Guide to Plastic Recycling Symbols
The society of the Plastics Industry, Inc. (SPI) introduced its resin identification coding system in 1988 at the urging of recyclers around the country. A growing number of communities were implementing recycling programs in an effort to decrease the volume of waste subject to
tipping fees at landfills. In some cases, these programs were driven by state·level recycling mandates. The SPI coding system offered a means of identifying the resin content of bottles and containers commonly found in the residential and commercial waste stream.
Recycle code # 1 is PETE (polyethylene terephthalate), a polyester resin found in: soft drink, water and beer bottles, mouth wash, peanut butter, salad dressing and vegetable oil containers and many other similar food packaging. It is the most common use for single-use bottled beverages. It is manufactured in very thin walls, is tight weight and more efficient than glass packaging. Garyline manufactures the Recycled code # 1 reusable sports bottles made with the food contact FDA safe resin, however the promotional product line, also known as "Refillables" is made in a heavy wall approximately five (5) times thicker. Single use PETE bottles are most often made in .005-.007" and the Refillable bottles are made approximately .030" in thickness. The Recycled code It 1 PETE bottles made in the heavier wall, can be reused and hand washed many hundreds of times, safely. The resin can be readily recycled into polar fleece, fiber, tote bags, furniture and carpeting. It is recycled today using approved FDA (NOL) procedures, which can be used for food contact recycled containers such as sports bottles, and can be molded in heavier walls to serve as refillable and re-useable containers. The sports bottles are not dishwasher safe, but can be safely hand washed and re-used many times. The resin is a clear transparent plastic and is often molded in transparent colors. This plastic is BPA free.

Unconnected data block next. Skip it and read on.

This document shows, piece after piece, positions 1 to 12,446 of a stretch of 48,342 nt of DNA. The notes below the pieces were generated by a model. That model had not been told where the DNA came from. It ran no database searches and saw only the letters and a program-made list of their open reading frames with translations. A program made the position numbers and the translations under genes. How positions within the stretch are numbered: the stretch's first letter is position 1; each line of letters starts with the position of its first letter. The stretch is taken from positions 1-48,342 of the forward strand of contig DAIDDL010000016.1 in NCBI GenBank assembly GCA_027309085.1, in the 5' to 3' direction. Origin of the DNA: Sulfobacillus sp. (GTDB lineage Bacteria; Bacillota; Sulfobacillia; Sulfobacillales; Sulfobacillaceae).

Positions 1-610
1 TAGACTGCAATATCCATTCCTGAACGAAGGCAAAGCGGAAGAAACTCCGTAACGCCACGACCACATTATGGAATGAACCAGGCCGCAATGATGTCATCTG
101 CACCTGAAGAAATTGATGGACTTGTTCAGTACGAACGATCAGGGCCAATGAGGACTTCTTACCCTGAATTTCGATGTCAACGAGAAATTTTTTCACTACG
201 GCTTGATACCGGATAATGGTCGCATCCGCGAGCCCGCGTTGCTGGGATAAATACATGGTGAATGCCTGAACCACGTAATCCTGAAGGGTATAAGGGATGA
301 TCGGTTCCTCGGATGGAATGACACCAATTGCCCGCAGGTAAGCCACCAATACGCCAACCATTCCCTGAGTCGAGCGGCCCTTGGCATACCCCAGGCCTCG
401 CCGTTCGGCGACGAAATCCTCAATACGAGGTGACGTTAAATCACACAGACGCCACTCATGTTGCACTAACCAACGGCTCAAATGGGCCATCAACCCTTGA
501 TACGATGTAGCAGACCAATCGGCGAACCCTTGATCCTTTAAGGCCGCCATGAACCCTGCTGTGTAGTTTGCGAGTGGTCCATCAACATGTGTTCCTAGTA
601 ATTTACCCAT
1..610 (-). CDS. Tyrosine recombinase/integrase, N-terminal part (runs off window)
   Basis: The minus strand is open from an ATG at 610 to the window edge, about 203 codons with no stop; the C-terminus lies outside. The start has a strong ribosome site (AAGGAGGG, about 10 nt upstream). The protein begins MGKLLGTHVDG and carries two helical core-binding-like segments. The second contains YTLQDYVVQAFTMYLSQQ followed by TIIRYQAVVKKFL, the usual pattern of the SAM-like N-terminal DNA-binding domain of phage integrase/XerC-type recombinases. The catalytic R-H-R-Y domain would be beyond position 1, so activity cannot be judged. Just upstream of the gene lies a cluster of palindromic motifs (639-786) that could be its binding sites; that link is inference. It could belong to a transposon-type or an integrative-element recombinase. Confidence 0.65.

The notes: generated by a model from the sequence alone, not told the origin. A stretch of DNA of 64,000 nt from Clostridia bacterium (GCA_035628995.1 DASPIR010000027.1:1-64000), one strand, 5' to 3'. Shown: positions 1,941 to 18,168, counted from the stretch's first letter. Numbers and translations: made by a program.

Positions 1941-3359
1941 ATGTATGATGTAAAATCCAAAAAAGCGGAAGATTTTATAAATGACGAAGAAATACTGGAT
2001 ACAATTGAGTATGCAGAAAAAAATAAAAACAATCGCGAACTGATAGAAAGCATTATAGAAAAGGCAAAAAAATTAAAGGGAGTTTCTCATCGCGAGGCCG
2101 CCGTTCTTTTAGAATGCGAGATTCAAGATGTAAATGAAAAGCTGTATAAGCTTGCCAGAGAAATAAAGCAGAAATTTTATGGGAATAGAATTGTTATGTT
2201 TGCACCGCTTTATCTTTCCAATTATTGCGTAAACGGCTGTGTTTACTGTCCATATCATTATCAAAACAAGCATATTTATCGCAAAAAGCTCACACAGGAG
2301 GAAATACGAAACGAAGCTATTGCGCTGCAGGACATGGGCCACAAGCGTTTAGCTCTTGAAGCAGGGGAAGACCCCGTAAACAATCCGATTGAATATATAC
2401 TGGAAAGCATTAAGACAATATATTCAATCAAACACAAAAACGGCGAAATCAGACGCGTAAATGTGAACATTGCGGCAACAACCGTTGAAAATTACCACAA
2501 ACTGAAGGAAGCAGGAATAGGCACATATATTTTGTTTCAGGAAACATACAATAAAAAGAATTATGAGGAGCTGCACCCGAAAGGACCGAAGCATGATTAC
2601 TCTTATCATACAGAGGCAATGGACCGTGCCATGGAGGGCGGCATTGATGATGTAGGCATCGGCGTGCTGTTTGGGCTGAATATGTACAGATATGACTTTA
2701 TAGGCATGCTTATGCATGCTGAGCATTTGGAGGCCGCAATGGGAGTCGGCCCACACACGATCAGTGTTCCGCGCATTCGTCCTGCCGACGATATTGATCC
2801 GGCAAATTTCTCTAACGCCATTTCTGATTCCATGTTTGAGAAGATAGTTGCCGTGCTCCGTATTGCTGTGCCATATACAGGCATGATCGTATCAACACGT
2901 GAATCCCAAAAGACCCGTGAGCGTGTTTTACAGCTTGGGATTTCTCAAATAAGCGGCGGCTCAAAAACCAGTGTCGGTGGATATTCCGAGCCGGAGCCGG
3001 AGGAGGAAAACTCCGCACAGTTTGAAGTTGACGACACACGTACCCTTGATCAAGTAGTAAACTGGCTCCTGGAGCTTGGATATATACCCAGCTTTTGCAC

Recycle code # 2 is HDPE (high density polyethylene) and is found in milk bottles, juice bottles, shampoo bottles, cooking oil bottles, trash and shopping bags, butter and yogurt tubs. HDPE is a tough semi rigid resin, but lacks clarity, and is dishwasher safe. It is recycled into laundry detergent bottles, floor tiles, drainage pipe, benches and lumber products. It is used to manufacture sports bottles that are most always made in opaque colors, including a natural or frost like color. It is molded in a heavier wall than PETE, is re-usable, and is often used as a "bike" bottle. It is recycled today as a food contact FDA (NOL) procedure for use as sport bottles for beverages such as water, and is refillable and re-usable. Like most plastics, it can be recycled again and again. The commercial source for this food contact recycled resin has been recycled milk bottles, as it is a large volume use and readily available to certain recycling companies. This plastic is BPA free.